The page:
Monday, June 22, 2015

Then Jesus Said To Them

One of the disservices I think we have done to Jesus is that we've given Him a bit too much authority, made Him a little too holy. That's going to sound strange to most of you (as it should), but hear me out. 

Because for most of my Christian life, indeed until only these most recent of days, Jesus has always spoken in this really weird voice for me. When I read the Scriptures, the Gospels, especially, and I imagine what it must have been like to hear Jesus speak, I can't help but hear His voice a little...strange.

Several years ago, I had an interview with a radio station who was looking for a new morning co-personality. (I know.) The interview went well; the established host and I really hit it off, and he invited me to do a sound test by recording some news clips for him. He took me into the booth and showed me the equipment, and my years as a church a/v tech really paid off, as I understood what I was looking at. Then, he left. And as soon as he left, I put on my best "radio voice" and recorded the most awkward-sounding clips ever. Needless to say, I did not get the job. Because I wasn't speaking in a real voice.

But that's kind of what we do to Jesus. At least, it's what I've been doing to Jesus. He has this authority voice, this holy voice. Every time He speaks, as I'm reading along, it doesn't sound...naturally human any more. It sounds like His God-voice. I picture Him on the mount, teaching a sermon like the preachers of yore, raising His voice, deepening it with authority, putting such a tone in it that it almost takes all the tone out of it. And when He casts out demons? Just imagine the authority in His voice! You probably do this, too. It's like one of Shakespeare's characters demanding, "Out, damned spot!"

Very serious. Very sober. Very...unreal.

What's funny is that the more I came to realize I was doing this to Jesus's voice, the more I realized I was doing it to all of His voice. Even if I were to imagine the Teacher sitting around the table with the disciples, He would use this very authoritative, unreal voice to request, "Peter, passeth the butter!" Out, damned spot!

When He would shout the name of the tax collector in the tree, it was less an invitation and more like my mother might call my name when I'm in trouble or when it's time to come in. No nonsense, no playing around. No tender familiarity. Just...You! Get in here! Now!

When, on the Cross, He speaks those incredible words - Father, forgive them. For they know not what they are doing - I've always read that as a declaration. As some holy pronouncement of God that secures their forgiveness, rather than longs for it.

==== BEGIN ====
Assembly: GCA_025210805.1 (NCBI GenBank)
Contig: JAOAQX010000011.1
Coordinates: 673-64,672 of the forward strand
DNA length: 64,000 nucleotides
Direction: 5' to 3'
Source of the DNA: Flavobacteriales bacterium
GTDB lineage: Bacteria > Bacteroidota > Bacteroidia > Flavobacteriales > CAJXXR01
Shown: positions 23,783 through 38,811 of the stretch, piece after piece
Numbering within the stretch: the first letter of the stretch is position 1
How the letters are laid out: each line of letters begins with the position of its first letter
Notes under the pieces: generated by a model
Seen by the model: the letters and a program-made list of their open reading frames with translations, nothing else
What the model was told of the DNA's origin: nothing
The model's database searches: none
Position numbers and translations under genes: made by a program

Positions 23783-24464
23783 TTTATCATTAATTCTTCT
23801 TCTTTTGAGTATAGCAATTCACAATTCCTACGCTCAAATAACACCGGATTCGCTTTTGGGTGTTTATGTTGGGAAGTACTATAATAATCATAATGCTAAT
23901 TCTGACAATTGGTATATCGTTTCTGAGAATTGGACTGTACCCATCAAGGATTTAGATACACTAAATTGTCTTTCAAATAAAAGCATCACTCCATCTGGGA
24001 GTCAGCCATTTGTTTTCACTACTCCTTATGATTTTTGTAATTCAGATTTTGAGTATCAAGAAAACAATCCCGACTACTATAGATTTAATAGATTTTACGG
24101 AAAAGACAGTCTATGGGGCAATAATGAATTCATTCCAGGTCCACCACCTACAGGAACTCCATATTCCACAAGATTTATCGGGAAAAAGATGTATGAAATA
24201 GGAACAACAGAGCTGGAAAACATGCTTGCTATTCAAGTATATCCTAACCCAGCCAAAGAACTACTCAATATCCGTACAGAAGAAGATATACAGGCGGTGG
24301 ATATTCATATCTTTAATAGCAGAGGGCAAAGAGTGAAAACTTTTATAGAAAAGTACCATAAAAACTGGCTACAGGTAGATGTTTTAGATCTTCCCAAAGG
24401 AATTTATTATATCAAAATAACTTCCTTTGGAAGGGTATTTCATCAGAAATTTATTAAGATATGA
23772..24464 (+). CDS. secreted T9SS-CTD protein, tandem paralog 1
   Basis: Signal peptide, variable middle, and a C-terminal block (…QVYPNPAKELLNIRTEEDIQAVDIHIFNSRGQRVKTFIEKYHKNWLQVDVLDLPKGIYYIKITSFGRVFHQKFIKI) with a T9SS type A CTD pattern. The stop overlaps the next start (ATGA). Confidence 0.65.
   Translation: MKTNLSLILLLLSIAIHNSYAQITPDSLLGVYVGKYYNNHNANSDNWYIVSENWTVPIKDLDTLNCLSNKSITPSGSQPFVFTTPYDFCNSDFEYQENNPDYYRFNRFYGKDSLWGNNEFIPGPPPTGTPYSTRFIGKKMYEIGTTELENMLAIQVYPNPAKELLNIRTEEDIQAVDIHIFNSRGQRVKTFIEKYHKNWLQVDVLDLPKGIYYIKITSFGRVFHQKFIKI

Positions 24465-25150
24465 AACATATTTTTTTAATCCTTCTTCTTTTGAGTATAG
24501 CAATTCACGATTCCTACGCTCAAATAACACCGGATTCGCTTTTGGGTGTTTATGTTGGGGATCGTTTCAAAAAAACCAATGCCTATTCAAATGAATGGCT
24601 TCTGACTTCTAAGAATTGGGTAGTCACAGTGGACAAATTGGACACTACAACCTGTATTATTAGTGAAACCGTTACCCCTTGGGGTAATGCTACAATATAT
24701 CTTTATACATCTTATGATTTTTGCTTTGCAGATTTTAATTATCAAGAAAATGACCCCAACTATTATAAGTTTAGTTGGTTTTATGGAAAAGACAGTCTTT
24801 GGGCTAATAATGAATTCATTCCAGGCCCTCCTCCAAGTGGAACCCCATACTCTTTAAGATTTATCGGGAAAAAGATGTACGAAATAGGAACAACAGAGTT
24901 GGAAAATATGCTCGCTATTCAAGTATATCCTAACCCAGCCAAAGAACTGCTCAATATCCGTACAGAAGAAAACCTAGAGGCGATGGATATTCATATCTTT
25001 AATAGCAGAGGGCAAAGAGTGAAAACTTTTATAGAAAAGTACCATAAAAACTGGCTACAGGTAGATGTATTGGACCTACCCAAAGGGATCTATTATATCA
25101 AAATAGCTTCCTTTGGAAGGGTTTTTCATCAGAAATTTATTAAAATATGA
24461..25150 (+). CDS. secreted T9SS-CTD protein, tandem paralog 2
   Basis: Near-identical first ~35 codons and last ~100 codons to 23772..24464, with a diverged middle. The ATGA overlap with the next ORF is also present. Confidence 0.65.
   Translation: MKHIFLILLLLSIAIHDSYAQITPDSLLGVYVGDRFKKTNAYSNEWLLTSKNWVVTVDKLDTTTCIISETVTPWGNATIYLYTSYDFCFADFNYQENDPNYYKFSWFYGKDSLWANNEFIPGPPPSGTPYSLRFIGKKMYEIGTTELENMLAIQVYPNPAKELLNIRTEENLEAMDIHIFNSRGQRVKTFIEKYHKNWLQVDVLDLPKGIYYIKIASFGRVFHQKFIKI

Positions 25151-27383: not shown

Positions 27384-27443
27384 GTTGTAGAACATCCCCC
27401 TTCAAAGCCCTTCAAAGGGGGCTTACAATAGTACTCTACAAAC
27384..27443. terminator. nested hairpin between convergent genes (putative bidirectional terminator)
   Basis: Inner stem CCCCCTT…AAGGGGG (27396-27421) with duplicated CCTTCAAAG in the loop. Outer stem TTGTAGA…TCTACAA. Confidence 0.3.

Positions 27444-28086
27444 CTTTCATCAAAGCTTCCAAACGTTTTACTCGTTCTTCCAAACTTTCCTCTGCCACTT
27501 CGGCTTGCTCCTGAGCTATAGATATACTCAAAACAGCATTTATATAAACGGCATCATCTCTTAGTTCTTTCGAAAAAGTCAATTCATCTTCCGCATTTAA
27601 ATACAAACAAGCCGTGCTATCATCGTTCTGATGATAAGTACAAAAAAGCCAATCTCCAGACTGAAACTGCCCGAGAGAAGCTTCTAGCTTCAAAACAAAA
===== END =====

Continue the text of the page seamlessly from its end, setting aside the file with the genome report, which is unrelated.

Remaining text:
Take those last words, though. Start there. And put some grief into His voice. Soften it a bit. Take the authority out of it. Just a little, for we know He always spoke with real authority. (Authority, by the way, that was carried in His love, not in His voice.) But imagine here, just for a minute, that He's not God. That He's actually God's Son. That He's fully man, as much as He is fully divine. Imagine that He is broken-hearted, not over His present situation but over the men who stand over Him who have been charged with doing this wretched thing. Imagine that He looks into their eyes and sees men who have been captivated by the Roman doctrine, and He longs to have them captivated by God's. 

Now read the words again, from His heart, not His authority. Father, forgive them. For they know not what they are doing.

It changes His voice, doesn't it? 

The same can be done with every story in the Gospels. Every. Single. One. We have to read them as though Jesus is human, even though we can't shake the knowing that He is also God. When He calls the tax collector out of the tree, there is a familiarity in His voice, as though He is calling out to a friend. Hey, man! Long time no see! You got anything to eat at your place? Imagine as He breaks the bread around the table with the disciples, not a voice declaring a new sacrament but a man with a taste for the finer things. My friends, you must have a bite of this bread! 

Imagine Him sitting on the mount, not really preaching a sermon but discussing the issues of things the way good friends sit around the living room telling stories.

Imagine...if the words of the Gospels themselves were true and Jesus never raised His voice. Imagine...if He spoke not like some holy roller preacher of years gone by, but more and me. Imagine if the Son of God spoke with all the authority of heaven...and the meek voice of a man. 

Doesn't it change the way you think of Him? Doesn't it change the way you hear Him?

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